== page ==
On 27 June 2023, the State Secretary for Switzerland signed an addendum to the France-Switzerland double taxation treaty in Paris.1  The new agreement allows, within certain limits, for remuneration in connection with working from home (hereinafter “home working”) to be taxed in the country in which the employer is located.  In addition, the country of the employer will transfer to the employee's country of residence a defined amount of the tax levied on the remuneration from home working.  To make sure the new rules are applied, an automatic exchange of salary data is planned between the two countries.

The key points from the agreement are set out below.


Home working has become more and more popular – especially during the COVID-19 pandemic and its aftermath.  Whilst employees want to incorporate home working into their working life, and employers also wish to offer flexibility to their workforce, the tax rules have for a long time been unclear in a cross-border situation between France and Switzerland.

The new agreement aims to clarify the tax position of home working as well as to set out employer reporting obligations; but some questions still remain.

According to the Swiss Federal Council: “The cantons and interested business sectors have welcomed the conclusion of the additional agreement.”2

Overview of Key Points

This agreement, together with previous arrangements3, allows cross-border home working up to 40 percent of total annual work-days without affecting the previous income tax position.  For a French tax-resident employee with a Swiss employer, the agreement provides as follows:

  • For Swiss cantons under the 1983 frontier worker agreement (Bern, Solothurn, Basel, Vaud, Valais, Neuchatel, and Jura), personal taxation can continue to be levied in the country of residence, i.e., France.
  • For all other Swiss cantons (such as Geneva and Zurich), work-days will be taxed in Switzerland, where the employer is based.

The definition of “home working” includes business trips undertaken by the employee at the request of the employer – either in their country of residence (i.e., France, for an inbound commuter to Switzerland) or in any other country other than Switzerland and France – as long as such trips do not exceed 10 days per year.  These 10 days should be counted within the 40-percent overall limit.

An additional article4 to the double taxation treaty provides details on the reporting obligations of the employer, to include:

  • Employee information (names/date of birth, postcode for his place of residence);
  • Year during which the remuneration was earned;
  • Number of days or percentage of home working;
  • Total amount of remuneration paid.

With respect to Switzerland, this information is required from all Swiss employers with French-resident employees, regardless of the canton involved.  It should be submitted, in electronic format, to the authorities in the country where the employer is based by 30 November following the year in which the remuneration is paid. The exchange of information will happen at country level thereafter.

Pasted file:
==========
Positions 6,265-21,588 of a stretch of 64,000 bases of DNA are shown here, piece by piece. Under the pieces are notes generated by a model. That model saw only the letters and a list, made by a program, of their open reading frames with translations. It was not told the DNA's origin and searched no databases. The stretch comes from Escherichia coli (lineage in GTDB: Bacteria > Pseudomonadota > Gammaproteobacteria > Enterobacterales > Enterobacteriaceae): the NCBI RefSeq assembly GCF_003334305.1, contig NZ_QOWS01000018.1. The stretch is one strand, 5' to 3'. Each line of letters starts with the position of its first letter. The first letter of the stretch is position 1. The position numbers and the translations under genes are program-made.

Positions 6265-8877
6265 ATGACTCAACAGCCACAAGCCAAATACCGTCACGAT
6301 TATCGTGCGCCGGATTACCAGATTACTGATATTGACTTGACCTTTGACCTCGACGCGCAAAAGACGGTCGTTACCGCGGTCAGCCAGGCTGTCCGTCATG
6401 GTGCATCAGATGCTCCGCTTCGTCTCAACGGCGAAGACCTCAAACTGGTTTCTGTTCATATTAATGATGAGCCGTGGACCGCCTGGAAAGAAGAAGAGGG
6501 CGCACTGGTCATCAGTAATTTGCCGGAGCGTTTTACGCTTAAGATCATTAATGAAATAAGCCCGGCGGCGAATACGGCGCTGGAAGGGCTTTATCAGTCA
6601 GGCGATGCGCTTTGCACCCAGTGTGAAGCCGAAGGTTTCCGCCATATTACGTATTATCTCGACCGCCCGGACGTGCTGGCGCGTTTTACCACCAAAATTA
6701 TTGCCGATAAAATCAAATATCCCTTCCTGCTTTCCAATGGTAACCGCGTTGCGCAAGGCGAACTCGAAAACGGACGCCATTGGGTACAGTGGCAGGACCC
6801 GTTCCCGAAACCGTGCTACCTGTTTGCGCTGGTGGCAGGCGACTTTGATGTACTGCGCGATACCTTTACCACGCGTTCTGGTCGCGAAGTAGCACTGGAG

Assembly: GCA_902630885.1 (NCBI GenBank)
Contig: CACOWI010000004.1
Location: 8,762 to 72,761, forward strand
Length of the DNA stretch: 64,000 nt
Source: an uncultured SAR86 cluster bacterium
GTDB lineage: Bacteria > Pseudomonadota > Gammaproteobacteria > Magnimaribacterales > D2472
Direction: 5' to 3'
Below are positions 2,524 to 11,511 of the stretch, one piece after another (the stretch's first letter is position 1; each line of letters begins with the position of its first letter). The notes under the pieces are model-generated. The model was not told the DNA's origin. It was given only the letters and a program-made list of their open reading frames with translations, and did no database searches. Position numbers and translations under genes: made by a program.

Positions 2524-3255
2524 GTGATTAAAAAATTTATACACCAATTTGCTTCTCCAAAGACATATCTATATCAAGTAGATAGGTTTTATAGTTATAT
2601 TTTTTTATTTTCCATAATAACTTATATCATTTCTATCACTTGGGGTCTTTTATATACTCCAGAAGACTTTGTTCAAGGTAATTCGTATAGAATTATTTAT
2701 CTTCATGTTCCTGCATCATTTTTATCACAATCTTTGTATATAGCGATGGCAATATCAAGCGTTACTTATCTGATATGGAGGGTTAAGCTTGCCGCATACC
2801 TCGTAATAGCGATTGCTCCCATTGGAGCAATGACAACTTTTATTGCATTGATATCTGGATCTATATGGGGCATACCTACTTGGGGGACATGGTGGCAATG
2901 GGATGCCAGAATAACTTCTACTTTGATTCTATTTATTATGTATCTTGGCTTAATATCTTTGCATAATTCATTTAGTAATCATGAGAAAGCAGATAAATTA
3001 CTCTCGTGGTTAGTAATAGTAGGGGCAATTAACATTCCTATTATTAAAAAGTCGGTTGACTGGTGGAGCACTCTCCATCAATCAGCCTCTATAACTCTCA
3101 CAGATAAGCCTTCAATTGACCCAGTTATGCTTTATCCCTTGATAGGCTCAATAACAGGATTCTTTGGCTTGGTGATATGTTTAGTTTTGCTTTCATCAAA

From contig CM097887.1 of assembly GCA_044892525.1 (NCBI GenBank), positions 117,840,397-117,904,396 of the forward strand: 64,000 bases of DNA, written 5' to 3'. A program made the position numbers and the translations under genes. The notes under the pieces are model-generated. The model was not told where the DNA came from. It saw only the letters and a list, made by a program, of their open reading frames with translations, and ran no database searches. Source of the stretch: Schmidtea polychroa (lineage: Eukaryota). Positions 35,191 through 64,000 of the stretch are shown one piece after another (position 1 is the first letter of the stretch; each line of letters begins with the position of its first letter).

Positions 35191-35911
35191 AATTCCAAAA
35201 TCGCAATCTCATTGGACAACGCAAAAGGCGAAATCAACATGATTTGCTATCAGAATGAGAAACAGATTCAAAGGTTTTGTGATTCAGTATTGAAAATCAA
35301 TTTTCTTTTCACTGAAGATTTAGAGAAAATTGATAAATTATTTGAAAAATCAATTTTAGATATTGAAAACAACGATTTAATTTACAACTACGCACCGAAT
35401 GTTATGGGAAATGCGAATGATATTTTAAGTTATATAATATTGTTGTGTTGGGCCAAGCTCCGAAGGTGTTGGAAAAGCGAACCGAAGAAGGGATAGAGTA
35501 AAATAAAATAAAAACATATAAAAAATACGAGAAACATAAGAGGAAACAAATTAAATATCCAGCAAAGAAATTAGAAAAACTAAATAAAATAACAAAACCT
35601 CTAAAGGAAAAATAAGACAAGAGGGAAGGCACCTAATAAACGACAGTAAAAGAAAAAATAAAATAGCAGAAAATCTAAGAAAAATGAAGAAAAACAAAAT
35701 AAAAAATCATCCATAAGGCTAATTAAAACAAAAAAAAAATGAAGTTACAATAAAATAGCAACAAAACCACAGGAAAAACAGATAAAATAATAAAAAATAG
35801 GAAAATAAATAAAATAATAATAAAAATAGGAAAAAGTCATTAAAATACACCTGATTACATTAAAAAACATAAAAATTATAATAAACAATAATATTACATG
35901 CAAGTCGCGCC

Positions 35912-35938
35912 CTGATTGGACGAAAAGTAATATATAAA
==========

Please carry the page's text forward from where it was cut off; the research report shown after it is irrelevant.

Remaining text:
Coming into Force

The agreement will come into force once it has been ratified by both France and Switzerland.  In the meantime, the temporary agreements put in place from 1 January 2023, continue to apply, with much the same content as the new and more permanent agreement described above. 


On 6 July 2023, the Swiss authorities published some practical examples of how the agreements will work, illustrating several points around home-working and business-trip days which exceed the limits.

Whilst there is now more clarity on the taxation of home working, some practical questions and issues remain, for example:

  • Will the remuneration reporting need to distinguish between regular employment income earned during a tax year, and long-term incentives that have different earning periods, and the most relevant percentage of home working for those different earning periods?
  • If the employee requests to work from another location than his main home – in France or a third country, how will this be dealt with under the new rules?

The limit of 10 business days will create significant administration concerns for employers and employees with a role requiring extensive business travel.

France and Switzerland have both signed the EU framework agreement5 for social security allowing up to 49.9 percent home working, therefore employers need to be clear on the home-working limits they set their employees given the difference between the tax and social security positions.


1  Double taxation treaty between Switzerland and France for income tax and wealth tax 1966 and subsequent protocols. 

See "La Suisse et la France signent un avenant à la convention bilatérale contre les doubles impositions" (in French) at: https://www.admin.ch/gov/fr/accueil/documentation/communiques.msg-id-96063.html .

2  Ibid. 

3  Agreement signed on 22 December 2022 between France and the cantons of Bern, Solothurn, Basel, Vaud, Valais, Neuchatel, and Jura.

4  Paragraph 28ter.

5  For related coverage in GMS Flash Alert, see:

GMS Flash Alert 2023-024, 31 January 2023  

GMS Flash Alert 2023-074, 4 April 2023 

GMS Flash Alert 2023-086, 21 April 2023. 

The information contained in this newsletter was submitted by the KPMG International member firm in Switzerland.


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